The Owens Valley opposition had lost its heart and soul. There would be future battles, and the Owens Valley would win more than a few. But that was in the future.
And well before than, on 12 March, 1928, the St. Francis Dam, built by Mulholland to replace the unbuilt Long Valley dam, collapsed, killing 1,000 people and shredding William Mulholland’s reputation forever.
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Friday, March 23, 2018


I believe the reality of our lives becomes what our youthful egos insist them to be. Consider the friendship between William Mulholland and Frederick Eaton. One man left his name on a lot of Los Angeles real estate. The other is largely forgotten. But 20th century Los Angeles could not have been built without either of them. The problem was they were, both of them, dreaming too big for their own good.
Fred Eaton was a force of nature. Historian William Kahrl described him as “Youthful, aggressive, innovative, (and) startlingly handsome…”. He was also well connected. Fred’s father was one of the founders of Pasadena, California, one of the richest cities in America. After college, in 1875, Fred became superintendent for Los Angeles’ private water company.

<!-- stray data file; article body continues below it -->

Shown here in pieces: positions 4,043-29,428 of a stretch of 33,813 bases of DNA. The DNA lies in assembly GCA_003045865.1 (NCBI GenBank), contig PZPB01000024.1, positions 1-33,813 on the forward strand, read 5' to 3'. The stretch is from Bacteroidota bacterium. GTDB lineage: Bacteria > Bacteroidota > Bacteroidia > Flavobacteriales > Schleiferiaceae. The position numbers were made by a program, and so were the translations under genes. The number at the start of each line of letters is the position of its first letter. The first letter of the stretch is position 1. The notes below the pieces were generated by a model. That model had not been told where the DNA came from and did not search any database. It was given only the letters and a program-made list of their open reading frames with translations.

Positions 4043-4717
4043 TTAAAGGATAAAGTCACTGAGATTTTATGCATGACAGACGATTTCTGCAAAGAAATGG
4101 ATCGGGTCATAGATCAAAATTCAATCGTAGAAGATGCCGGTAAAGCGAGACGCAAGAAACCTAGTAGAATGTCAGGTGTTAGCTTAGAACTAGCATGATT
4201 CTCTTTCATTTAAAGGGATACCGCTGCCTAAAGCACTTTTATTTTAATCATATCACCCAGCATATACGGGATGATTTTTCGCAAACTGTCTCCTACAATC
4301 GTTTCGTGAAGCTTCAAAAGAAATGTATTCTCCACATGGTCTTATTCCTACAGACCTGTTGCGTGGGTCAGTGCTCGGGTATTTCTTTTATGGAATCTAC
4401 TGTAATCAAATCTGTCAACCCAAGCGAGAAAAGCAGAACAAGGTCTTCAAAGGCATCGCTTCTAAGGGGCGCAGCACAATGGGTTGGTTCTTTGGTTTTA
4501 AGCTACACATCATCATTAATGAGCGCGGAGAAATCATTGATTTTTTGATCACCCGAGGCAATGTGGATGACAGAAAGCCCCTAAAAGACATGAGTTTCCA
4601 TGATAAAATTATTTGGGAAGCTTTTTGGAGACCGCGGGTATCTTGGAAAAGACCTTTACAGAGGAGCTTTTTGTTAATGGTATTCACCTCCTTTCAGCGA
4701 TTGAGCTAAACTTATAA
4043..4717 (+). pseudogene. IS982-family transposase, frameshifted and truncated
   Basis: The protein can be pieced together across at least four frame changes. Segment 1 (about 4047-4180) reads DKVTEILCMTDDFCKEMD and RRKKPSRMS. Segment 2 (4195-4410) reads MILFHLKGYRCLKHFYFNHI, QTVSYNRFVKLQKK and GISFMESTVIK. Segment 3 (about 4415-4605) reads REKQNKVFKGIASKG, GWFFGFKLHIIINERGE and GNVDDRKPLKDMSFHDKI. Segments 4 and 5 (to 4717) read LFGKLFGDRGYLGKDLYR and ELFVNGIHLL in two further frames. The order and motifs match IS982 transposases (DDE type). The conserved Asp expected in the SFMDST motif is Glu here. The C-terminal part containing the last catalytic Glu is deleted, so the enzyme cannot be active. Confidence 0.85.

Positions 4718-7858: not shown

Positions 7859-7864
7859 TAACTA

In that job Fred hired a muscular Irish immigrant named William Mulholland (above) , as a well digger. “The two of them made an unlikely pair”, wrote DiLeo & Smith in their book "Two Californias", “Eaton was elegant, well born, refined. Mulholland was gruff, a blunt man who loved games and jokes. While Eaton craved public attention, Mulholland shunned it, preferring to spend his evenings reading for his own edification.” With Eaton’s encouragement, Mulholland taught himself engineering and as he advanced in authority he became a close confidant of Eaton’s. But in 1892, when a drought struck the American southwest, Eaton became convinced the city had to find a more dependable supply of drinking water. Mulholland scoffed at Fred's concerns and told his mentor, “If you don’t get the water, you won’t need it.”